Bulgaria
 Cyprus
 Czech Republic
 Denmark
 Estonia
 Finland
 Germany
 Greece
 Hungary
 Italy
 Kosovo
 Latvia
 Liechtenstein
 Lithuania
 Moldova
 Netherlands
 Norway
 Poland
 Portugal
 Romania
 Russia
 San Marino
 Slovakia
 Spain
 Sweden
 Ukraine
  Vatican City
Eurosport
 United States
 Canada
Le Sports US
 Turkey Fotomac
 Brazil BandSports
 Ghana GTV
Indian Subcontinent Star Sports
Latin America Claro Sports
Middle East and North Africa Dubai Sports 1
Sub-Saharan Africa Star Times
Southeast Asia Le Sports

Reserve league[edit]

The reserve league is open to all of the reserve teams from the Chinese Super League, China League One, and China League Two clubs.

Season Winners
2006 Shandong Luneng
2007 Tianjin Teda
2008 Wuhan Guanggu
2009 Not held
2010 Shandong Luneng
2011 Shandong Luneng
2012 Shandong Luneng
2013 Shandong Luneng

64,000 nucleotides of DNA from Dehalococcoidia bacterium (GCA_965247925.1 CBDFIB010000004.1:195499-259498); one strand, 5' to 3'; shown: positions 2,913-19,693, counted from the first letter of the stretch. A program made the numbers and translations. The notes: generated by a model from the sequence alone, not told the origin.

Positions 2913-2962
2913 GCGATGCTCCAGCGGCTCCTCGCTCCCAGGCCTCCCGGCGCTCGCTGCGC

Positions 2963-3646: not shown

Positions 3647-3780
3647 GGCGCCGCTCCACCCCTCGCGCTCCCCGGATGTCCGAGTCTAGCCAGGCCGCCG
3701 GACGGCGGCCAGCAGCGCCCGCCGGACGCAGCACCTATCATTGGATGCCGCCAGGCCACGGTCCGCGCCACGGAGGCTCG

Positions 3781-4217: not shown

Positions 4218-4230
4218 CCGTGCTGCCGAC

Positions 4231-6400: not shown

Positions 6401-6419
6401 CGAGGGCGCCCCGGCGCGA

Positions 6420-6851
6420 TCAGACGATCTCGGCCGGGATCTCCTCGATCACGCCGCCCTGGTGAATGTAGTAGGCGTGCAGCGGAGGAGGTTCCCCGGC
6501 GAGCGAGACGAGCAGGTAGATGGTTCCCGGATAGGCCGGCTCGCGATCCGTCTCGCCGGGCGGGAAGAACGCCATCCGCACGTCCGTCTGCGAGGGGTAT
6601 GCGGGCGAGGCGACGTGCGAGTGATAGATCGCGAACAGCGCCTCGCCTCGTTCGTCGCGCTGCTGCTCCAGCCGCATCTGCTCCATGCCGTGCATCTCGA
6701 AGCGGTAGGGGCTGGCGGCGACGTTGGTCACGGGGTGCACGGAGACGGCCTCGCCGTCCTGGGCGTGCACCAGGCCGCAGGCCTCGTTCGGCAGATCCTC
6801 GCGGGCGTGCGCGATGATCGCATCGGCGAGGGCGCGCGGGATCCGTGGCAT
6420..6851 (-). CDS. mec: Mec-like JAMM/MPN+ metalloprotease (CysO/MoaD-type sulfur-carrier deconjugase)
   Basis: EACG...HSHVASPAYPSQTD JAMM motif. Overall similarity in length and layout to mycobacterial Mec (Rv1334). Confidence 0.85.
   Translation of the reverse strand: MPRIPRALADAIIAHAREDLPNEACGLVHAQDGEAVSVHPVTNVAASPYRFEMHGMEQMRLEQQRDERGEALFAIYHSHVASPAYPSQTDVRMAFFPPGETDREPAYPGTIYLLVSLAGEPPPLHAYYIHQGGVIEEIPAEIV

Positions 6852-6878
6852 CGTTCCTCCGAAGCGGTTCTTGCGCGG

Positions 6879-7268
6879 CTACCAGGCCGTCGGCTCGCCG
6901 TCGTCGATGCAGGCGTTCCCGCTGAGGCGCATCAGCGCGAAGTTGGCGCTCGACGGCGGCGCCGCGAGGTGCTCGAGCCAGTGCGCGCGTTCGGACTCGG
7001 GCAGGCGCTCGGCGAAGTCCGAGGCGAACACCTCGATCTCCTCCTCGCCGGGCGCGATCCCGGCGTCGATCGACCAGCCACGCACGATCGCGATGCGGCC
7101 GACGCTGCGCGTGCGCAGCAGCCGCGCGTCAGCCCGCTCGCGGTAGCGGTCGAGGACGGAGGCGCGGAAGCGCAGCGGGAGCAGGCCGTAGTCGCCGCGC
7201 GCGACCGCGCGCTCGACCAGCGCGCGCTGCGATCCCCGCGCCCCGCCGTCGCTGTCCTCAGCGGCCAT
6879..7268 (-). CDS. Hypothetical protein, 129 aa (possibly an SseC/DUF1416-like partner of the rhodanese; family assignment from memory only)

2014 Shandong Luneng
2015 Shandong Luneng

Youth league[edit]

Like the reserve league, the youth league is open to all the youth teams of all professional clubs in China.

Season U-19 Champions U-17 Champions U-15 Champions
2004 Shanghai Shenhua Shandong Luneng Shandong Luneng
2005 Shandong Luneng Shandong Luneng Shandong Luneng
2006 Beijing Guoan Shandong Luneng Shandong Luneng
2007 Chongqing Lifan Shandong Luneng Shandong Luneng
2008 Beijing Guoan Changchun Yatai Shandong Luneng
2009 Shandong Luneng Changchun Yatai Wuhan FA
2010 Not held Shandong Luneng Shanghai Luckystar
2011 Beijing Guoan Shanghai FA Hubei FA
2012 Jiangsu FA Liaoning FA Guangzhou FA

See also[edit]

References[edit]

External links[edit]